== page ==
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Craig County OSU Cooperative Extension Service

Ag Newsletter August/September 2016

Craig County                                        Oklahoma Cooperative Extension Service                              August/Sept  2016

 

 

                                                        210 W. Delaware, suite 107    918-256-7569

Ag News        


 

 

 


Craig County                                        Oklahoma Cooperative Extension Service                                   Nov.   2015


           Ag Newsletter

We all know that the State of Oklahoma is going through some budget problems which trickle to the Oklahoma State Cooperative Extension Service. To help save on postage for our office I am asking each of you with the capability to receive your newsletter via email to please send me your email address to; walter.white@okstate.edu

I do realize not everyone has internet service and for this reason I will continue to mail out the Ag Newsletter to those who don’t have internet service and also to those  who prefer to receive a hard copy.

Comparing Prussic Acid and Nitrate Toxicity in Cattle Operations

Glenn Selk, Oklahoma State University Emeritus Extension Animal Scientist

 

As we head toward the “dog days of summer”, heat and drought may cause plants intended for hay or grazing to be stressed.  Summer annuals most often include the forage sorghums and when stressed they are capable of accumulating toxic levels of nitrates or “prussic acid”. 

 

Some confusion exists among cattle producers about the two major toxins that are deadly or costly because of production loss to cattle owners. Both prussic acid and nitrates become health concerns during heat and drought stress on hay or pasture crops. Below is a comparative list of the major differences that producers need to keep in mind about these two problems. Prussic acid and nitrates are capable of happening together or separately in any given drought-stressed situation.

 


Prussic Acid

Nitrate Toxicity

 

Caused by hydrocyanic acid

Caused by excess nitrate that leads to excess nitrite in rumen

 

Primarily in leaves

Primarily in stems

 

Kills very quickly

Kills in a few hours

 

Blood is bright cherry red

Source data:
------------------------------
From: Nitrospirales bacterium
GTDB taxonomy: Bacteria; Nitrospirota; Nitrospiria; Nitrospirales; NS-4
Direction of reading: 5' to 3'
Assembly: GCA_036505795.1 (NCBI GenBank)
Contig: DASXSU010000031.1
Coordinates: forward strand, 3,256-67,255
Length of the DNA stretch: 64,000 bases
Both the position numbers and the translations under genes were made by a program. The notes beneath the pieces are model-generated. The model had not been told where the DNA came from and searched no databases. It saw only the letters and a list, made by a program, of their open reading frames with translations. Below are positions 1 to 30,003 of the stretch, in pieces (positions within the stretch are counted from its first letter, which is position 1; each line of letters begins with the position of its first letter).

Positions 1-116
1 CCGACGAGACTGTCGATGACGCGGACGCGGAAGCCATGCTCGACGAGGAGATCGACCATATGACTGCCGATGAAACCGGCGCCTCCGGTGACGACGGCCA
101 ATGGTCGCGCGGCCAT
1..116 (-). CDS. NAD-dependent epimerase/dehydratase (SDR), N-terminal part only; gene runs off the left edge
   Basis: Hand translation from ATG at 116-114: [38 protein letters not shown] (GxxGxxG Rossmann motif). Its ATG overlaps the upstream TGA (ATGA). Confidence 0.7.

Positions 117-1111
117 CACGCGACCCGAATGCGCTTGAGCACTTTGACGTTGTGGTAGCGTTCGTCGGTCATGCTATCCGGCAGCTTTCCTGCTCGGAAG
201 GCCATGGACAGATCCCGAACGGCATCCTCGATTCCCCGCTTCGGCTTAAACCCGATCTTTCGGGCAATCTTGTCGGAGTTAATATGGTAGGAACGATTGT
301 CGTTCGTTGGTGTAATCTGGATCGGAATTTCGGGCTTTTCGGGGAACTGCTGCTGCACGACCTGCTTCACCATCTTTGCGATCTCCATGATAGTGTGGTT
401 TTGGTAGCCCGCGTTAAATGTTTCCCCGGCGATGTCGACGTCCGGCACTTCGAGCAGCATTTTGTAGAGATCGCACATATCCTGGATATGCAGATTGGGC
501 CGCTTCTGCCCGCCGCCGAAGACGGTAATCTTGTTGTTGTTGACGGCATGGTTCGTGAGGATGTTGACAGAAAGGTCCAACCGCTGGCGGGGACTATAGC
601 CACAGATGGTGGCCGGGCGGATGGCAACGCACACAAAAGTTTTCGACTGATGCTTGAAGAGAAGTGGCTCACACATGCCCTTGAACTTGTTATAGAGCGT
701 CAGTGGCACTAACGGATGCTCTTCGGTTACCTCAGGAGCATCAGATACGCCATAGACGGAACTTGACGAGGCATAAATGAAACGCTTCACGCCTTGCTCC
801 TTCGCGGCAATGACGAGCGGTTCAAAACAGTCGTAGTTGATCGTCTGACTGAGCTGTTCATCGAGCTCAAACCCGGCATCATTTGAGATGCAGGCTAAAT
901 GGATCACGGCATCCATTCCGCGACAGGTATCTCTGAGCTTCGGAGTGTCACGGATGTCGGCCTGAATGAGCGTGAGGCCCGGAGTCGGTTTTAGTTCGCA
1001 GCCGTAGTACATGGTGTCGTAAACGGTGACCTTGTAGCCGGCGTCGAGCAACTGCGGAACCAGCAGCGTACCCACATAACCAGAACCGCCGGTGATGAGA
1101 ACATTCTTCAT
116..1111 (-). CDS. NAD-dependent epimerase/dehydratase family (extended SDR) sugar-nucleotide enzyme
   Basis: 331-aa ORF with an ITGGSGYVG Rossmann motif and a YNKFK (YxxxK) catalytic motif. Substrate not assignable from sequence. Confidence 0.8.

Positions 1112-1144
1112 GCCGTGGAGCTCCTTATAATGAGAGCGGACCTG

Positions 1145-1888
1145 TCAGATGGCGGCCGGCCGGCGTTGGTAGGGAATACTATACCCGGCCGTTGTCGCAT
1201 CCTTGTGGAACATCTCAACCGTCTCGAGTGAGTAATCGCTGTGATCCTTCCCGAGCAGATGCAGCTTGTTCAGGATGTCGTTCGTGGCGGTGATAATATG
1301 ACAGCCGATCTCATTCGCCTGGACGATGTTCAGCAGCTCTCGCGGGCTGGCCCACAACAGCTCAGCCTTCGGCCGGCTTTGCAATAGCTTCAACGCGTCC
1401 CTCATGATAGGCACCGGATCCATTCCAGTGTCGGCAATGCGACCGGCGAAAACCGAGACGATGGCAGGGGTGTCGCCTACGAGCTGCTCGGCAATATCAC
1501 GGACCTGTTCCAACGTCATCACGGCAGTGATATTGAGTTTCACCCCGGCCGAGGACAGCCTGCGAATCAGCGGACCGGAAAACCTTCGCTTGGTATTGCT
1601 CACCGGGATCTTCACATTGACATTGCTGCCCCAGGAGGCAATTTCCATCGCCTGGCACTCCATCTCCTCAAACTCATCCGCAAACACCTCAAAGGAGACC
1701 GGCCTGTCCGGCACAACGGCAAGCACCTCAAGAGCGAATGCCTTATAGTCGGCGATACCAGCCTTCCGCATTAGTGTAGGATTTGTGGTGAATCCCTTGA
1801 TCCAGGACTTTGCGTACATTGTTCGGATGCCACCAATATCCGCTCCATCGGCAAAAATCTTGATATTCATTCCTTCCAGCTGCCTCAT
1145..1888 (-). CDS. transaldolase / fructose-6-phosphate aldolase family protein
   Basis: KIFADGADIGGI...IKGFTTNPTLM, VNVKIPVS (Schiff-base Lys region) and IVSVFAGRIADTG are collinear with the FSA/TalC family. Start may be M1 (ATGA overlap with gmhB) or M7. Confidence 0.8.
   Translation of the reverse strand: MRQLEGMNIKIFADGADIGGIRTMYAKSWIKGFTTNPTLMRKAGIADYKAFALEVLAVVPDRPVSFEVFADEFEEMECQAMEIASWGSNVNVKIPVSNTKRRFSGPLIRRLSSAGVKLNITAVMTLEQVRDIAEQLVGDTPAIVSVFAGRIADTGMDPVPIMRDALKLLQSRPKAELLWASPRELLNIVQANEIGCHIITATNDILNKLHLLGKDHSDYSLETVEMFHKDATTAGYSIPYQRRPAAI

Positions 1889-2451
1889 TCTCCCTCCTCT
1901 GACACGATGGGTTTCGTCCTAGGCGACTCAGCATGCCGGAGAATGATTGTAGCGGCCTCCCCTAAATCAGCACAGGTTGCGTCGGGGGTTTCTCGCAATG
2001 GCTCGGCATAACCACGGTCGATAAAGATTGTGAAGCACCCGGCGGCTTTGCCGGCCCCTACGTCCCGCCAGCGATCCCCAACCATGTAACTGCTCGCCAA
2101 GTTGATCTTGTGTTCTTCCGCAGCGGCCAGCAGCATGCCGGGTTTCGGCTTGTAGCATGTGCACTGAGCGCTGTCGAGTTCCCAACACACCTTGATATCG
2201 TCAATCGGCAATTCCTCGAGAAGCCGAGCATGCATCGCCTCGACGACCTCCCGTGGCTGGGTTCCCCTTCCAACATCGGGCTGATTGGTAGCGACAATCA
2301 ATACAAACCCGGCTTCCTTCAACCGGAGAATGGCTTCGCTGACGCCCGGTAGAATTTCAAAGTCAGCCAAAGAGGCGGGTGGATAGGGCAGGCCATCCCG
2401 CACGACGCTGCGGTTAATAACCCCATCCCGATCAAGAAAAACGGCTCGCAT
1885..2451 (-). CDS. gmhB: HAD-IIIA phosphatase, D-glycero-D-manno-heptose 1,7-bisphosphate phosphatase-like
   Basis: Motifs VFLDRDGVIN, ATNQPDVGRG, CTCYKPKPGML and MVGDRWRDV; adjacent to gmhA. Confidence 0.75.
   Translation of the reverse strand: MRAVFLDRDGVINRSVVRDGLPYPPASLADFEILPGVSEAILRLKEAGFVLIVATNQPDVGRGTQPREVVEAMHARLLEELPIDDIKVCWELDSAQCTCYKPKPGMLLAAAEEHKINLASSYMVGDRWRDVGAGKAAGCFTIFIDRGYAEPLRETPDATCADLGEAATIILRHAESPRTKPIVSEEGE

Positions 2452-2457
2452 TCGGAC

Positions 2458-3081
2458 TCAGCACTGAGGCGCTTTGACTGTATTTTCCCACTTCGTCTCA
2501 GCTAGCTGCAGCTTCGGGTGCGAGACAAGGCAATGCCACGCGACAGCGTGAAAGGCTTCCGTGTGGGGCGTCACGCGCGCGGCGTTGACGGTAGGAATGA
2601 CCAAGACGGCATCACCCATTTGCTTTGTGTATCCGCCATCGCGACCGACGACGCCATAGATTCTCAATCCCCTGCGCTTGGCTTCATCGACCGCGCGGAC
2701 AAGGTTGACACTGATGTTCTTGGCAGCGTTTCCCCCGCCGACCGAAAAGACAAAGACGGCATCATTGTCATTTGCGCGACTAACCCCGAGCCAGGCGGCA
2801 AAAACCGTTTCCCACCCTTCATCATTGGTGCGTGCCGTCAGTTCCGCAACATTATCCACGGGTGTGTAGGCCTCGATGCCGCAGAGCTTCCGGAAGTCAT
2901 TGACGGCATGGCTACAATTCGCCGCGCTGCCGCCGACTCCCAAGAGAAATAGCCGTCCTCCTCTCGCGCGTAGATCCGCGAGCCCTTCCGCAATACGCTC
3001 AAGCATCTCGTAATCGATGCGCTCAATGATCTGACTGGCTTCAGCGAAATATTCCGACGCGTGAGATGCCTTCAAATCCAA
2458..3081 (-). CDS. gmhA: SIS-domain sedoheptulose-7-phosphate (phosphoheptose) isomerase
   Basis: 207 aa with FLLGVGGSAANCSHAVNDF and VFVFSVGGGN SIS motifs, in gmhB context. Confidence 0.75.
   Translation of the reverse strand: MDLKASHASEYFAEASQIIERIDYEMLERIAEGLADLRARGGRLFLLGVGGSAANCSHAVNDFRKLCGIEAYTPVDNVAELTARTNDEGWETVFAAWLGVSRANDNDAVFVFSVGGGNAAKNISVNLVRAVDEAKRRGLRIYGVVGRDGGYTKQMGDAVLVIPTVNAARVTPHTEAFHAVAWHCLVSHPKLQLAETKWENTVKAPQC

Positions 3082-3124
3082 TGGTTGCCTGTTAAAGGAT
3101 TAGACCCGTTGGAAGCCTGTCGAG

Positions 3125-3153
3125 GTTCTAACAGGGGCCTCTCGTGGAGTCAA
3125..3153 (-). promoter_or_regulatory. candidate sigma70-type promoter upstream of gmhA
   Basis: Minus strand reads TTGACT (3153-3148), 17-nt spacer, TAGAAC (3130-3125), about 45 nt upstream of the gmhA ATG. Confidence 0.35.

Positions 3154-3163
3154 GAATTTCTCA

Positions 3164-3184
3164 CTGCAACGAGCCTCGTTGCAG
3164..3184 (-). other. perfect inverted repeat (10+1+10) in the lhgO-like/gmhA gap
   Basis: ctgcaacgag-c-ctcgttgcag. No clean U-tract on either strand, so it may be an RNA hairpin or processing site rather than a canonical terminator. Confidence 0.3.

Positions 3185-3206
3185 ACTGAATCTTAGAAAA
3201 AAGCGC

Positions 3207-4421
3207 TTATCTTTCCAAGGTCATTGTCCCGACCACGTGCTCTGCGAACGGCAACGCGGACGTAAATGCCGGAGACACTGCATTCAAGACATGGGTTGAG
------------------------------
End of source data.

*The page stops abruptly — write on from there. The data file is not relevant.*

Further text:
Blood is chocolate brown

 

Rarely, if ever, found in pearl millets

Often higher in stressed pearl millets

 

Most dissipates when hay is cut and completely cured

Stays in hay indefinitely

 

Most occurs in grazing cattle

Occurs in both grazing and hay feeding

 

Drought stress OR re-growth after frost

Drought stress and/or high fertility

 

Field testing may be available

Screen test available through OCES*

 

Accurate quantitative test requires fresh, moist sample

Quantitative testing can be done on fresh or dry forage

 

Laboratory test at OADDL+ (call ahead, sample must be properly handled)

Quantitative laboratory test through OCES* offices and OSU Soil, Water and Forage Testing Laboratory

 

 More info at OSU Fact Sheet PSS-2904

More info at OSU Fact Sheet PSS-2903

 

 

Treatment of sick animals for either toxin must be done immediately by veterinarian!

 Stockpiled Bermudagrass can reduce winter feed costs

Glenn Selk, Oklahoma State University Emeritus Extension Animal Scientist

 

 Harvested forage costs are a large part of the production costs associated with cow-calf enterprises.  A 16 year-old OSU trial had the objective to economically evaluate stockpiled Bermudagrass.  The research found that this practice can reduce cow-wintering costs.  Forage accumulation during the late summer and fall is variable from year to year depending on moisture, temperatures, date of first frost and fertility. 

The OSU research has found that 50 to 100 pounds per acre of actual nitrogen fertilizer applied in the late summer has produced 1000 – 2000 pounds of forage per acre.  In some ideal situations even more forage has been produced.   

Studies between 1997 and 2000 found stockpiled Bermudagrass protein concentrations were quite impressive, even after frost.  In November, the range of protein content of the standing forage was 13.1% to 15.2%.  The protein held up in December and ranged from 12.5% to 14.7% and declined to 10.9% to 11.6% in January.

 To make best use of the stockpiled forage, supplementation with 2 pounds of 14% to 25% protein feed beginning in early December is recommended.   Read about these studies in the 2001 OSU Animal Science Research Report.  Some information about the forage quality is reported in the 1999 OSU Animal Science Research Report.

 

 

Planning for the stockpiling of Bermuda must begin now.

The following is a list of recommendations for stockpiling Bermudagrass pastures for best results and reducing winter feed bills:

1. Remove existing forage by haying, clipping, or grazing by late August

2. Apply 50 to 100 pounds of actual nitrogen fertilizer per acre.

3. Defer grazing until at least late October or early November.